Paramedics can’t strike, but that doesn’t cure what ails a sick system

METRO LOGO GREEN

Now that the government has legislatively punted the possibility of a paramedics strike into the hands of a pick-one arbitrator — who will have to choose between dueling union and management last-best offers for wages and working conditions over the next three to five years — it’s time to ask ourselves a question.

What’s wrong with this picture?

Depending on who you believe — the government, the Liberal opposition, or the union respectively — Nova Scotia lost 26, 40 or 90 of its 750 paramedics in the past year or so to greener pastures, higher wages and better working conditions in other parts of Canada. Experienced paramedics in Alberta can earn $20–30,000 more a year than in Nova Scotia.

Even Health Minister David Wilson — a former paramedic whose government legislated the end to this strike-before-it-was-a- strike — acknowledges retaining paramedics can be “a real challenge.”

Worse, many of those leaving are those most in demand — highly-trained advanced care paramedics who can administer the kind of life-saving medications at emergencies that mean the difference between… well, life and death.

Wages aren’t the only negotiating glue pot. Union leader Terry Chapman claims paramedics who call in sick aren’t replaced on their shifts, adding stress to already overworked first responders. And there is currently no easy transition for older paramedics from the pressures of the ambulance to useful work in collaborative care units or emergency rooms.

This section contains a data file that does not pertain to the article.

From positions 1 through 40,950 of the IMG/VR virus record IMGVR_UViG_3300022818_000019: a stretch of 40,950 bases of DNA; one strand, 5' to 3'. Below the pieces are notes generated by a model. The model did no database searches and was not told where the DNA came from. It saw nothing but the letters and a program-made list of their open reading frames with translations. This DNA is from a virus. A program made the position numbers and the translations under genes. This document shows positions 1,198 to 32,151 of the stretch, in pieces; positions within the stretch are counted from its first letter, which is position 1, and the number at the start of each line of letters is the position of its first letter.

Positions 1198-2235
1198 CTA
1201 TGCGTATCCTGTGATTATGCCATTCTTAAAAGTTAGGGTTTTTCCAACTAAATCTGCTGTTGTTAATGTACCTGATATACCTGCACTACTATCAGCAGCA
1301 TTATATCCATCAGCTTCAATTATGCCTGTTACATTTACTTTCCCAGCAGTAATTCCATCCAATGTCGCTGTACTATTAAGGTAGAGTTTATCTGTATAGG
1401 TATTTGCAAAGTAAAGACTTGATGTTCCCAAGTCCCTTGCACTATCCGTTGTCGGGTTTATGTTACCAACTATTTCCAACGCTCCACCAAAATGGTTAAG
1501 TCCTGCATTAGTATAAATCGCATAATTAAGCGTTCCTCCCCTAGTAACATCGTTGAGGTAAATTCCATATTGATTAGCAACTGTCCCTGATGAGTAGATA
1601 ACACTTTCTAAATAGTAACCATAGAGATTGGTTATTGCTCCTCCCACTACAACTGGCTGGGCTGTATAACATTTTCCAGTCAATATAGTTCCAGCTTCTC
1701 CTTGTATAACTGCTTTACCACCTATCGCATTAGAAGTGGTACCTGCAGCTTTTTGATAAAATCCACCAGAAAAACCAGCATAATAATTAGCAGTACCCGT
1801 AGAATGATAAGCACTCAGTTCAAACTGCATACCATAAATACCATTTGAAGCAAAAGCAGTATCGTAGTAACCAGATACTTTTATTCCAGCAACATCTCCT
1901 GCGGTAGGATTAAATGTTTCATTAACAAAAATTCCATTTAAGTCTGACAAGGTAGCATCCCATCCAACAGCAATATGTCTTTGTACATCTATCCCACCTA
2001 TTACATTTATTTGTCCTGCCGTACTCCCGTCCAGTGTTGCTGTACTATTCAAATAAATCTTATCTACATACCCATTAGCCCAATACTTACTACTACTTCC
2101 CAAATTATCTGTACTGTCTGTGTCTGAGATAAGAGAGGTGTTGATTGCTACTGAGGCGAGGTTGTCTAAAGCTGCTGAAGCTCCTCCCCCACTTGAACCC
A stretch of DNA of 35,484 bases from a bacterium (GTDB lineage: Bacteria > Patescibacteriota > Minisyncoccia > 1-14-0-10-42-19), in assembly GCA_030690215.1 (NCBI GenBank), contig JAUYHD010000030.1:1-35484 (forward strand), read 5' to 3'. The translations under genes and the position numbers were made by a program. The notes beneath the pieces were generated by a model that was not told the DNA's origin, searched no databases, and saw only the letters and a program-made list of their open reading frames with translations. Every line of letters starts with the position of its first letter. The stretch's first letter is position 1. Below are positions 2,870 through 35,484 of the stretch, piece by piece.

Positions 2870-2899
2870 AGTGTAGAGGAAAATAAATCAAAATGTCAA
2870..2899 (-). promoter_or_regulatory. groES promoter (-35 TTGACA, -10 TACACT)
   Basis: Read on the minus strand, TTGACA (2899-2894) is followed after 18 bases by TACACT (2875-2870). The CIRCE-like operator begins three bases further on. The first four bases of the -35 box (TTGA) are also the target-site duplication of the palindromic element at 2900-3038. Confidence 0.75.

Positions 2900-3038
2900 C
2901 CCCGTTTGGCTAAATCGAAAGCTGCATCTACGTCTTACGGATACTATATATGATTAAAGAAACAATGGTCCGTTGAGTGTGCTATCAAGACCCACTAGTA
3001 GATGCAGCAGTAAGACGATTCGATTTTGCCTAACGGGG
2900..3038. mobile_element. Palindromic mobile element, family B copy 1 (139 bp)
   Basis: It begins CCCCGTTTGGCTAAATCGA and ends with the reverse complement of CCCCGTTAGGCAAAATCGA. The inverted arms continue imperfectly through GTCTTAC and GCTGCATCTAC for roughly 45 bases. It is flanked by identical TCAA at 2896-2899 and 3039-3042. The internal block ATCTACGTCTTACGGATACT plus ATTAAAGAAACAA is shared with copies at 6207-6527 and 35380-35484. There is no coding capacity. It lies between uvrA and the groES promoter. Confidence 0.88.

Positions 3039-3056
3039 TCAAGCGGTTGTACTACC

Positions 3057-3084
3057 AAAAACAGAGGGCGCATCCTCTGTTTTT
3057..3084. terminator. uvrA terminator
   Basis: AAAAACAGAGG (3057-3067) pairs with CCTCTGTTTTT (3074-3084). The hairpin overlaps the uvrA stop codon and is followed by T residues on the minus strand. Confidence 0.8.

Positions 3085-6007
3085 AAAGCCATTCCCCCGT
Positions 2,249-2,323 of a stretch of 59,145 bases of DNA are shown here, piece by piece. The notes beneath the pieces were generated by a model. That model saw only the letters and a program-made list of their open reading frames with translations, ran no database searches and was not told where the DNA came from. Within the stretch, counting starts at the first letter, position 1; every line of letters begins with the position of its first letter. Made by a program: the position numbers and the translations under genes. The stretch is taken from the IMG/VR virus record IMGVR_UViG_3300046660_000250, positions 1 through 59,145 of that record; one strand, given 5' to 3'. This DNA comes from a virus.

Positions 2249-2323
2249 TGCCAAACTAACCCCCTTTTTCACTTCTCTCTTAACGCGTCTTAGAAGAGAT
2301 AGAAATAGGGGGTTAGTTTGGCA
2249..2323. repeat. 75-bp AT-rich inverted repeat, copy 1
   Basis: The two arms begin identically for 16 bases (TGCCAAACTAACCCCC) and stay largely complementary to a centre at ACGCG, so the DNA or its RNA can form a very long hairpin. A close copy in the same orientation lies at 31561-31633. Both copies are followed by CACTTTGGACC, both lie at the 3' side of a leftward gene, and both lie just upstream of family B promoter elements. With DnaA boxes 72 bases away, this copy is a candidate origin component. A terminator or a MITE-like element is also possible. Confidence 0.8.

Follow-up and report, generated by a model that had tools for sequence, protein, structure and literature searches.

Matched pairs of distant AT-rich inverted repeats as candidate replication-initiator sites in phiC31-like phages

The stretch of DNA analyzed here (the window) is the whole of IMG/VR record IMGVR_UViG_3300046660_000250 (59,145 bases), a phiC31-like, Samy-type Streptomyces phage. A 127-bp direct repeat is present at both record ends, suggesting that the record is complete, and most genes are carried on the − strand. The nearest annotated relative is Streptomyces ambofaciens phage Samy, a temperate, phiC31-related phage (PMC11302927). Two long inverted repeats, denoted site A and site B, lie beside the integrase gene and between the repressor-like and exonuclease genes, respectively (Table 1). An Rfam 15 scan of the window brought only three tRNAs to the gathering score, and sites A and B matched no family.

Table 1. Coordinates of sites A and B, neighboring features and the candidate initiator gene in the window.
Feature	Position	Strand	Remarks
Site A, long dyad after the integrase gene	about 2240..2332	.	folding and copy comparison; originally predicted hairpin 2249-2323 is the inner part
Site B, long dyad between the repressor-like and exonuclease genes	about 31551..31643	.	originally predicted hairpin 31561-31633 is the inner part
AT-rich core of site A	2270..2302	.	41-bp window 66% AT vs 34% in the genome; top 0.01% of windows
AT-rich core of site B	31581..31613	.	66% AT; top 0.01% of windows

“Morale,” Chapman says, “is at an all-time low.”

Apparently.

The union’s last contract expired in March 2011. Since then, paramedics have soundly rejected three offers, including two recommended by their union leadership. They rejected the most recent deal — which included a government-mandated defined-benefit pension sweetener — by an overwhelming 73 per cent.

The two sides are still far apart. Management’s last offer on the table called for an 11.1 per cent wage increase spread over nearly five years. The union’s final demand was a 15 per cent raise over three years.

Since the arbitrator must choose only one proposal, both sides must frantically sharpen their pencils over the next few weeks.

No matter.

The only certainty seems to be that whatever decision the arbitrator makes will not drain the poison from this bargaining well.

That should concern us all.

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Copyright 2013 Stephen Kimber, Website

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